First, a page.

There are so many things I could write about this week, starting with the fact that our most recent president seems to be preparing a social network with contradictory rules that appears to have all the makings of a pump-and-dump scheme and also appears to be a reskin of Mastodon, a platform whose licensing compels source code distribution.
And then there is the MacBook Pro, which I have finally seen and appears to be worthy of our time.
But I’d like to take a moment and consider my attempts to stay offline over the past few days. I was not perfect at it, though the relative lack of signal helped. (I’ve done this before, and honestly, the network is getting better, with fewer moments of downtime than in the past.)
Now, to be clear, I am not a die-hard stay-off-the-grid kind of person, and in many cases, I think it’s important to understand that our world simply works because of the fact that we’re connected.
But I did try hard not to look at my phone, and I did leave my laptops closed for a few days, and it was probably for the best.
Instead, I went hiking. I did lots and lots (and lots) of hiking, and boy, are my dogs all the sorer for it. I am not a hiker by nature; I get nervous about inclines and declines and I am not well-trained in it. I had to tape up my toes at one point.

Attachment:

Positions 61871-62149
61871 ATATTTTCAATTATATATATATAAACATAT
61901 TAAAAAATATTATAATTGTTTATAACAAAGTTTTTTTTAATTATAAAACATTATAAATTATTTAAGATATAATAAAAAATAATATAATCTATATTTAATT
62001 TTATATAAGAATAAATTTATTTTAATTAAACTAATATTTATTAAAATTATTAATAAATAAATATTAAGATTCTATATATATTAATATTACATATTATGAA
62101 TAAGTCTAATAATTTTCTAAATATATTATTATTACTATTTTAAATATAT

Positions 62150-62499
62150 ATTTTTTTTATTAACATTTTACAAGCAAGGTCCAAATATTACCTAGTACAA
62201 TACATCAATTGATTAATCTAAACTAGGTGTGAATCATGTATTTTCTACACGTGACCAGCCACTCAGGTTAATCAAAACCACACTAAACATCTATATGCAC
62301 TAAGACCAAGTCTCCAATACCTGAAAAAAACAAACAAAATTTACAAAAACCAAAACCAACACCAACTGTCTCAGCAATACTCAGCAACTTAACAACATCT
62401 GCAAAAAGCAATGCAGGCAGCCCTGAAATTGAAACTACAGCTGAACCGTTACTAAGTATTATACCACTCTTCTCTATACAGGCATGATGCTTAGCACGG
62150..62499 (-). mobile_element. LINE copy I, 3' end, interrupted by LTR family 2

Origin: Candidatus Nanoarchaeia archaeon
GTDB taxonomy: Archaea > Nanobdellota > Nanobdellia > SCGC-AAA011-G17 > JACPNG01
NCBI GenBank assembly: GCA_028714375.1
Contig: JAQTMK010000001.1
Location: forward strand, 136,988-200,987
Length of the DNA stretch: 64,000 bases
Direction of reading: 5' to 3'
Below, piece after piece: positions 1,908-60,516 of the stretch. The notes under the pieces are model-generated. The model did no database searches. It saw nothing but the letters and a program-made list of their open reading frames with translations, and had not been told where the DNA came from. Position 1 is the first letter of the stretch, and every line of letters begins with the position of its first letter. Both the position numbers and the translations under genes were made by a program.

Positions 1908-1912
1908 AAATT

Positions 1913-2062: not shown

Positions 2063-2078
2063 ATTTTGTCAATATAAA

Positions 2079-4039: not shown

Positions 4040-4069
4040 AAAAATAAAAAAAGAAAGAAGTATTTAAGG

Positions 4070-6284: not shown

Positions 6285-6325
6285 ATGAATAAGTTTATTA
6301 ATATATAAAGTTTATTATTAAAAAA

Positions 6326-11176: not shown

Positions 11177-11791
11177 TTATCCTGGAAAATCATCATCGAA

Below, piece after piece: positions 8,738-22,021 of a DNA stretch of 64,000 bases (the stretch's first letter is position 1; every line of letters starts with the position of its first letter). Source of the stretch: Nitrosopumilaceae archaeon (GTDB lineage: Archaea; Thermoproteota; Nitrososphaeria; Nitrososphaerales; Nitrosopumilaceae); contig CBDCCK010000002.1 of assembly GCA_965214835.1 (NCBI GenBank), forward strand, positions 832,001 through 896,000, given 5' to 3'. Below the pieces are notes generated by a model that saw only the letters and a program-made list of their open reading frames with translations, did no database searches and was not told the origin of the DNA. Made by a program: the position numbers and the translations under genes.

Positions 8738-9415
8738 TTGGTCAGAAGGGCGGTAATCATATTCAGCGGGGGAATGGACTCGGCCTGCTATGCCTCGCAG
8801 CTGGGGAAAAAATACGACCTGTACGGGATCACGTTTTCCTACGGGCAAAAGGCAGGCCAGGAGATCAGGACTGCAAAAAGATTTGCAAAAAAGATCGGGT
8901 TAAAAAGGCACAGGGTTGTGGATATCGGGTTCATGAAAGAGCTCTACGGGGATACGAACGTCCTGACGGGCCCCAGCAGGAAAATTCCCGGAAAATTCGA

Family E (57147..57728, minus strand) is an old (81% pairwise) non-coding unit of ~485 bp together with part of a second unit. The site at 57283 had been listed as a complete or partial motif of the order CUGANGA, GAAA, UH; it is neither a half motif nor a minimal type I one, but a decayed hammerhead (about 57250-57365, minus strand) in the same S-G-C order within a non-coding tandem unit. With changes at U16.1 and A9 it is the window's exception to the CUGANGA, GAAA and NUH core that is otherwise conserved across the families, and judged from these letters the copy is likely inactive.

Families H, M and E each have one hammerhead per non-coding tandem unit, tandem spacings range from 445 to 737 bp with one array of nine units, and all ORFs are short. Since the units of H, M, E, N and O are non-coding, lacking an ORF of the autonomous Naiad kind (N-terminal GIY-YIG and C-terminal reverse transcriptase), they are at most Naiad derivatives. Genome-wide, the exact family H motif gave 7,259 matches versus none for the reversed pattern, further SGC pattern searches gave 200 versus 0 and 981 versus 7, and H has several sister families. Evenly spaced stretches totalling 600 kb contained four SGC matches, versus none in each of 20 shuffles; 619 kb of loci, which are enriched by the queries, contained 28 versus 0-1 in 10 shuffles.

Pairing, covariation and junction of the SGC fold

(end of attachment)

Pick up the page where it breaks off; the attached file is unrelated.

I’m back in civilization again, close to my normal routine, but definitely feeling the workout I got this week.
Now, I will fully admit: I’m very much a city mouse, and very much content to spend weekends staring at my computer, trying to solve a big issue standing in my way. But I do think that in some ways I’ve conquered many of the issues I’ve run into in my life that way. And the only way to grow it to embrace some of the challenges as literal and metaphorical hills to climb.
To me, the digital realm seems to make a lot more sense than the real world at times, and as a result I find myself at a comfort level with a keyboard and a screen that I might never find if I have to solve a problem with a poorly printed map (and some of the trails we used very much had those). A quickly dashed-off tweet or missive can feel far easier to manage than a thought I have to tell someone in person or over the phone.
Like everyone else, I am still figuring this out, but I simply hope that challenging myself allows me room to grow. If you find yourself struggling to make sense of the world beyond your keyboard, allow yourself some time away occasionally.
Time limit given ⏲: 30 minutes
Time left on clock ⏲: 28 seconds